Closed-Door Openness at Foggy Bottom

By Dana Milbank
Tuesday, April 17, 2007

Those wondering why the Bush administration has failed to spread democracy across the globe might find a clue in yesterday's meeting of the State Department's "Advisory Committee on Democracy Promotion."

About a third of the way through the meeting, and not long after Undersecretary Paula Dobriansky boasted to the television cameras that "our entire session today is open to the public" and attended by the press, State Department officials ordered reporters to leave.

"This is the way they wanted it to happen, and this is the way it's going to be," explained department spokesman Gonzalo Gallegos. "They seem to have wanted you all out."

The spokesman declined to say who "they" were. "You got a problem?" Gallegos challenged. "Write a letter."

So much for promoting the values of a liberal democracy.

The Iraq debacle has dashed President Bush's dreams of Middle Eastern democracy and blackened America's reputation across the globe. Vladimir Putin is reversing democratic gains in Russia, while free elections have had decidedly undesirable results in places such as the Palestinian territories. "We see democracy being hijacked all over the place," committee member Chester Crocker told his colleagues.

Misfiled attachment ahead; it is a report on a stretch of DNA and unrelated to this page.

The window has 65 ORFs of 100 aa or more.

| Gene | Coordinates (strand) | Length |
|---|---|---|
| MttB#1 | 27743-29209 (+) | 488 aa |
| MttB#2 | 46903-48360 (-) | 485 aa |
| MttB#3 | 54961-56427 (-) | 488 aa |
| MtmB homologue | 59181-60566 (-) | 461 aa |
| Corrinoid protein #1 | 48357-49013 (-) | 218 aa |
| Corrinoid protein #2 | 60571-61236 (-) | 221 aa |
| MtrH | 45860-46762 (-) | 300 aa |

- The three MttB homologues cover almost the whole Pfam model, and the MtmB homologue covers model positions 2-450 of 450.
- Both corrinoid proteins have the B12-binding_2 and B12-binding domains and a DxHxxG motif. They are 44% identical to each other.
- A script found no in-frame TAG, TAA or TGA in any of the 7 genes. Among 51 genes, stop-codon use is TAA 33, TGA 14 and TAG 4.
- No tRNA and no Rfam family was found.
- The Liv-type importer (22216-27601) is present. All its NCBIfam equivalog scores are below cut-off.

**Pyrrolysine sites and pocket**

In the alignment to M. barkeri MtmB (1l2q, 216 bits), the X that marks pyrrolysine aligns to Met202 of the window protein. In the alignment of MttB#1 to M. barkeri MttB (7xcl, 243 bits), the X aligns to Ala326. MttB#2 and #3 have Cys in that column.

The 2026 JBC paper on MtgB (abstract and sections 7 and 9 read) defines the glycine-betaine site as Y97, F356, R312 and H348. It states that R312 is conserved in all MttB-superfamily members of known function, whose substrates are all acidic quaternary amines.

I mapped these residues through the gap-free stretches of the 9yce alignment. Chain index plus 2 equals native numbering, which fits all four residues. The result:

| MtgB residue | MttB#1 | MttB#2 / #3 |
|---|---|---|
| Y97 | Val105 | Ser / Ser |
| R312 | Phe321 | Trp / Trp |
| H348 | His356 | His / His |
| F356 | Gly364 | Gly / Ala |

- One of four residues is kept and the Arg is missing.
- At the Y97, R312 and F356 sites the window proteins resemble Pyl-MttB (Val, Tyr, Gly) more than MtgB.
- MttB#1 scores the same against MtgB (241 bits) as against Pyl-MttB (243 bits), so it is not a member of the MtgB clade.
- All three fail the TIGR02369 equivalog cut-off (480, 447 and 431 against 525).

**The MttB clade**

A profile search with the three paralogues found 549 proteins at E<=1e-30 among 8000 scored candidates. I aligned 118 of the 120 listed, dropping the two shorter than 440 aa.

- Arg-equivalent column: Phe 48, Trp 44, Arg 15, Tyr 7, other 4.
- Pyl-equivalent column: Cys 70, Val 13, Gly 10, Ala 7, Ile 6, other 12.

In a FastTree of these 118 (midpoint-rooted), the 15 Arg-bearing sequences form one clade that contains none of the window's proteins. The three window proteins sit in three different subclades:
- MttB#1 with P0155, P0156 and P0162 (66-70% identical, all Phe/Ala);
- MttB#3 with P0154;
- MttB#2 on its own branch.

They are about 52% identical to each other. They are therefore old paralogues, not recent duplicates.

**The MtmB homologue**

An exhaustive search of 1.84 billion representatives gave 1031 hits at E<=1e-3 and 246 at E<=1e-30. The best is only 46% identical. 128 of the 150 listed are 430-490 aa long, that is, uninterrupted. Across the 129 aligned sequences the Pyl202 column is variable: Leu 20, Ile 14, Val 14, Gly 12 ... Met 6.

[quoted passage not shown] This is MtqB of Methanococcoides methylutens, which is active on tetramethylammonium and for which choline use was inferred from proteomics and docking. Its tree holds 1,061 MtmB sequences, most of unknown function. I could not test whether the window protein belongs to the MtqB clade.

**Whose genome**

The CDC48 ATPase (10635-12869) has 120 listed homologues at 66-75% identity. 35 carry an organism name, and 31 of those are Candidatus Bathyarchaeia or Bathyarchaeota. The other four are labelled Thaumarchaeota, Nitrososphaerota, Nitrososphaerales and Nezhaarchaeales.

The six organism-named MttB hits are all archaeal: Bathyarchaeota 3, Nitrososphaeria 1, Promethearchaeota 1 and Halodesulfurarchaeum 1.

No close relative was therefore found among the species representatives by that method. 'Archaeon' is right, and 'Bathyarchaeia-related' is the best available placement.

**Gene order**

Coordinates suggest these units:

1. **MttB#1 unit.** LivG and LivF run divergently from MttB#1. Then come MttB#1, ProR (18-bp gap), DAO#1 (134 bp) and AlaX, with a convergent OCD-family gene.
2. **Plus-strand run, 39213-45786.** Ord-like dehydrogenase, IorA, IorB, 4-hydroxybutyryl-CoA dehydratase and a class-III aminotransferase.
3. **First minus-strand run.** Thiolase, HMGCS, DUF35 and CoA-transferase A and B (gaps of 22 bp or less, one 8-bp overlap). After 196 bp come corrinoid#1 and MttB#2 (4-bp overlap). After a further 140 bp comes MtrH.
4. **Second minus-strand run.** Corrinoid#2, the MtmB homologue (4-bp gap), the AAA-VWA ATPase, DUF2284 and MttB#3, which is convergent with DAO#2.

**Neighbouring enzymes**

Confronting such inhospitable times, the democracy-promotion committee was having some problems of its own. The chairman, Anne-Marie Slaughter, couldn't make it to Foggy Bottom and had to participate by phone; a rainstorm left her stuck in New Jersey. Another committee member, Freedom House's Jennifer Windsor, complained that the recommendations Slaughter presented to Secretary of State Condoleezza Rice didn't accurately reflect the committee's deliberations.

Then there was the question of what to say about Iraq, whose democracy has deteriorated to the point that it no longer qualifies to attend meetings of the Community of Democracies. The committee resolved to deal with this issue by avoiding it. In the three-hour meeting -- at least the portion of it reporters were allowed to witness -- Iraq got only three passing references.

To help fill the time without talking about Iraq, the committee members took turns bathing Rice in praise.

"You had no notes. You just spoke honestly to us. I was very impressed," said Mark Palmer.

"I have to say, as I listen to you, Madam Secretary, that something comes through that's very genuine," said Brian Atwood.

"Very comprehensive and coherent," commented Carl Gershman.

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